Concentrations of per- and poly-fluoroalkyl substances (PFAS) present in wastewater treatment biosolids are a growing concern. Pyrolysis is a thermal treatment technology for biosolids that can produce a useful biochar product with reduced levels of PFAS and other contaminants. In August 2020, a limited-scope study investigated target PFAS removal of a commercial pyrolysis system processing biosolid with the analysis of 41 target PFAS compounds in biosolids and biochar performed by two independent laboratories. The concentrations of 21 detected target compounds in the input biosolids ranged between approximately 2 µg/kg and 85 µg/kg. No PFAS compounds were detected in the biochar…
An overview of regulations, treatment & challenges surrounding PFAS in biosolids.
In recent years, per- and polyfluoroalkyl substances (PFAS) have become a topic of public concern, particularly when discovered in drinking water supplies. PFAS are a family of more than 3,000 man-made chemicals that have been manufactured and used since the 1940s. This large class of fluorosurfactants have unique chemical and physical properties, which make them extremely persistent, as well as mobile, in the environment.
In Spring 2020, the EPA established the PFAS Innovative Treatment Team (PITT). The PITT was a multi-disciplinary research team that worked full-time for 6-months on applying their scientific efforts and expertise to a single problem: disposal and/or destruction of PFAS-contaminated media and waste. While the PITT formally concluded in Fall 2020, the research efforts initiated under the PITT continue.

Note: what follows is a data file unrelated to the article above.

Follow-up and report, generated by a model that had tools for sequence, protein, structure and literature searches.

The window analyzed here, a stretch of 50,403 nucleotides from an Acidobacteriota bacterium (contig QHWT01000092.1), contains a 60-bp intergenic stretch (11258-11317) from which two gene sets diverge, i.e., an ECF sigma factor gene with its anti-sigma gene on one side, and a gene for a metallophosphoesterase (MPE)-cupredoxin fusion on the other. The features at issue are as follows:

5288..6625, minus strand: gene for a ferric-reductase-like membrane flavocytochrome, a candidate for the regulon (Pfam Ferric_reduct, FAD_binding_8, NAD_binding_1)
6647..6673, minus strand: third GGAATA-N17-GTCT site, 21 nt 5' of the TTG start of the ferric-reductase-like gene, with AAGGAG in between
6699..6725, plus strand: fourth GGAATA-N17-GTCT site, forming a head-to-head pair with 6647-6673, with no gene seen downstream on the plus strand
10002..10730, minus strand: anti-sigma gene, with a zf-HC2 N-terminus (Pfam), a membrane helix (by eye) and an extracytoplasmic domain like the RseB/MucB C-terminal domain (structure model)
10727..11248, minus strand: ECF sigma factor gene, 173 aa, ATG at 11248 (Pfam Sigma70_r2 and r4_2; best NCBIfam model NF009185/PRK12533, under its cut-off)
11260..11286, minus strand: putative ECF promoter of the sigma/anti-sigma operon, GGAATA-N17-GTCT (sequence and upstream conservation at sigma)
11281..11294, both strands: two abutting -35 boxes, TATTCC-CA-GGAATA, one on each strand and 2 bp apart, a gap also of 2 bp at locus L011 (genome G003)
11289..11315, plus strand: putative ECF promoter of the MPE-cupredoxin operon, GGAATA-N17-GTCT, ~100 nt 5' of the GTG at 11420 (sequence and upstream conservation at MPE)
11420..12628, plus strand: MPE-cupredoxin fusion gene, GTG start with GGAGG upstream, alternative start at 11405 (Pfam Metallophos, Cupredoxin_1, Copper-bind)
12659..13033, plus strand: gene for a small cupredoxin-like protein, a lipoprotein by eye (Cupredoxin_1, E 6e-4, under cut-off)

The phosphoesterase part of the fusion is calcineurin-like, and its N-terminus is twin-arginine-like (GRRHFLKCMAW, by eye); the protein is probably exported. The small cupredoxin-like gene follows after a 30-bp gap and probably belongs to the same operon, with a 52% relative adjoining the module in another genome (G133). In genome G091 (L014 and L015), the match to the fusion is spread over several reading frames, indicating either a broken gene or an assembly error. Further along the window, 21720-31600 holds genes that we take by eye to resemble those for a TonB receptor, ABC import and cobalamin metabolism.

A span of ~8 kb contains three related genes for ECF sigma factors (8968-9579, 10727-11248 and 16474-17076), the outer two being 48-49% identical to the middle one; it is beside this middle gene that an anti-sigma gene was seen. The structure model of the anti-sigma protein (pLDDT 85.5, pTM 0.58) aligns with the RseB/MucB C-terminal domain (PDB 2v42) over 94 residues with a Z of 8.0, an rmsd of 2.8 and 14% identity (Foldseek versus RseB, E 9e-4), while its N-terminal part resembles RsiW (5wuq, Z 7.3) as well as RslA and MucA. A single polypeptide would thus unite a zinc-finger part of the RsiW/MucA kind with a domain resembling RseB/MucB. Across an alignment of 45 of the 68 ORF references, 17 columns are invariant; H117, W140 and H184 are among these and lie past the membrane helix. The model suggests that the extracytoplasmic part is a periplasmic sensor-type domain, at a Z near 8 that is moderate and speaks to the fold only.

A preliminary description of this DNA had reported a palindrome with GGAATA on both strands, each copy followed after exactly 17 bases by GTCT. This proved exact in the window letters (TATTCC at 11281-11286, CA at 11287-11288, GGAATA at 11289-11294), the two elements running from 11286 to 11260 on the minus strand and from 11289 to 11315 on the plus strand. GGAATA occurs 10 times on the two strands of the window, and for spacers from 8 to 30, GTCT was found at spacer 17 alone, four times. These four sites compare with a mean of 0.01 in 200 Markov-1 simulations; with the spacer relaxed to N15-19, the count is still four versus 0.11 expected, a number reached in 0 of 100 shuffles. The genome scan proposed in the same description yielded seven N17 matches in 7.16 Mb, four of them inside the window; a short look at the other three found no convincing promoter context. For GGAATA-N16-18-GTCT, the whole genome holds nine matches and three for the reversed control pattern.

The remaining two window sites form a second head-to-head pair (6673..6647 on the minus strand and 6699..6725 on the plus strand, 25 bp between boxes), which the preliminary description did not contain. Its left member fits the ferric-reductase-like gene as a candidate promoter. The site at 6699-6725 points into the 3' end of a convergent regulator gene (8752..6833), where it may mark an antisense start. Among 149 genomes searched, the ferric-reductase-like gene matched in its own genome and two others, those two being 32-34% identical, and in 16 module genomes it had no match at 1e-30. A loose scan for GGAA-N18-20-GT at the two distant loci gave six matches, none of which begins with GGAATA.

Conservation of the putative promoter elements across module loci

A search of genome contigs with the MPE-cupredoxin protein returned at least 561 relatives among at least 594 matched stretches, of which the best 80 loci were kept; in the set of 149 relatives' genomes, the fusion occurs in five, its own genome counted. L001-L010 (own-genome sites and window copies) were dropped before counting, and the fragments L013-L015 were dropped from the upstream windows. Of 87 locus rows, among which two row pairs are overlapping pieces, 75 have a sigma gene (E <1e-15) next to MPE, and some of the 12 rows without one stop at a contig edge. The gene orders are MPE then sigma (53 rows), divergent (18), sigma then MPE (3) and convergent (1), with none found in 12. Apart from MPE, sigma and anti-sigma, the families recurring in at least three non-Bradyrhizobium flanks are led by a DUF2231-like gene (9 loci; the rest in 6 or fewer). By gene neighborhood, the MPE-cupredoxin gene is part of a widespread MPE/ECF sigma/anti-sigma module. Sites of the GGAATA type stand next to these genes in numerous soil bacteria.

As part of the PITT’s efforts, EPA researchers considered whether existing destruction technologies could be applied to PFAS-contaminated media and waste. This series of Research Briefs provides an overview of four technologies that were identified by the PITT as promising technologies for destroying PFAS and the research underway by the EPA’s Office of Research and Development to further explore these technologies. Because research is still needed to evaluate these technologies for PFAS destruction, this Research Brief should not be considered an endorsement or recommendation to use this technology to destroy PFAS.